This maritime museum, devoted to the sport of yachting, honors the Herreshoff Manufacturing Company, maker of yachts for five consecutive America's Cup defenses. The museum's several dozen boats range from an 8½-foot dinghy to the Defiant, a 75-foot successful America's Cup defender. Halsey Herreshoff, a four-time cup defender and the grandson of yacht designer and company co-founder Nathanael Greene Herreshoff, established the Hall of Fame in 1992 as an arm of the museum, which hosts talks on yacht design and restoration and operates a sailing school for both kids and adults.

1 Burnside St., Bristol, Rhode Island, 02809, USA
sights Details
Rate Includes: $15, Closed Mon.--Tues. in Oct.; Mon.--Wed., Nov. and Dec. Closed Jan.--Apr.

Hunter House

The oldest house owned and maintained by the Preservation Society of Newport County, constructed between 1748 and 1754, Hunter House served as the Revolutionary War headquarters of French admiral Charles Louis d'Arsac de Ternay after the home's Loyalist owner fled the city. Featuring a balustraded gambrel roof and heavy stud construction, it is an excellent example of early Georgian Colonial architecture. The carved pineapple over the doorway was a symbol of welcome throughout Colonial America. A collection of Colonial furniture includes pieces crafted by Newport's famed 18th-century Townsend-Goddard family of cabinetmakers and paintings by Cosmo Alexander, Gilbert Stuart, and Samuel King. The house is named for William Hunter, a U.S. Senator and President Andrew Jackson's chargé d'affaires to Brazil.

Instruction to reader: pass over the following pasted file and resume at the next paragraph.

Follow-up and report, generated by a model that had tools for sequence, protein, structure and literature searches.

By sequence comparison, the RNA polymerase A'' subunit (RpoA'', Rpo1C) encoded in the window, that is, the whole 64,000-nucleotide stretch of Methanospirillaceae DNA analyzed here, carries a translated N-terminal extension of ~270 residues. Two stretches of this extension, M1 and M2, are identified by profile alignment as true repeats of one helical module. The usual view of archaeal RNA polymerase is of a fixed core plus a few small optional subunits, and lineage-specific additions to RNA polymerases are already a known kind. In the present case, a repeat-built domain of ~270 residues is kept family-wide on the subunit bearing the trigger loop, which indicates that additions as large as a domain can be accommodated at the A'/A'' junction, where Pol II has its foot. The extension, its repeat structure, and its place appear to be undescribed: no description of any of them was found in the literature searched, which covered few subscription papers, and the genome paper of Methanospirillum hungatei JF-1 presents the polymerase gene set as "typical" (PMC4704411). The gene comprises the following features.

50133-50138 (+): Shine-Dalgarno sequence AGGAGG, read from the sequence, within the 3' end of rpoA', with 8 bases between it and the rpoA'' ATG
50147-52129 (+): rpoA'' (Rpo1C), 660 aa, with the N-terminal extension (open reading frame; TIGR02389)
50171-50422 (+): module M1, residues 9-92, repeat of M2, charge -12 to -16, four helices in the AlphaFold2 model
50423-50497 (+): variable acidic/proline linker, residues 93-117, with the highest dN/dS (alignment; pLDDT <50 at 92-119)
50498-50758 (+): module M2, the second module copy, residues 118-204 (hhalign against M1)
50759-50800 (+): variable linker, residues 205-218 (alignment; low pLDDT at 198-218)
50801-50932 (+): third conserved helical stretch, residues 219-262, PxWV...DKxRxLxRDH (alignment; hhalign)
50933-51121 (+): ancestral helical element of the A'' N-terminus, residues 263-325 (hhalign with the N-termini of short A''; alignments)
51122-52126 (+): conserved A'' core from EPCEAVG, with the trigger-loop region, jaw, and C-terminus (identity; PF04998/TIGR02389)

Isaac Bell House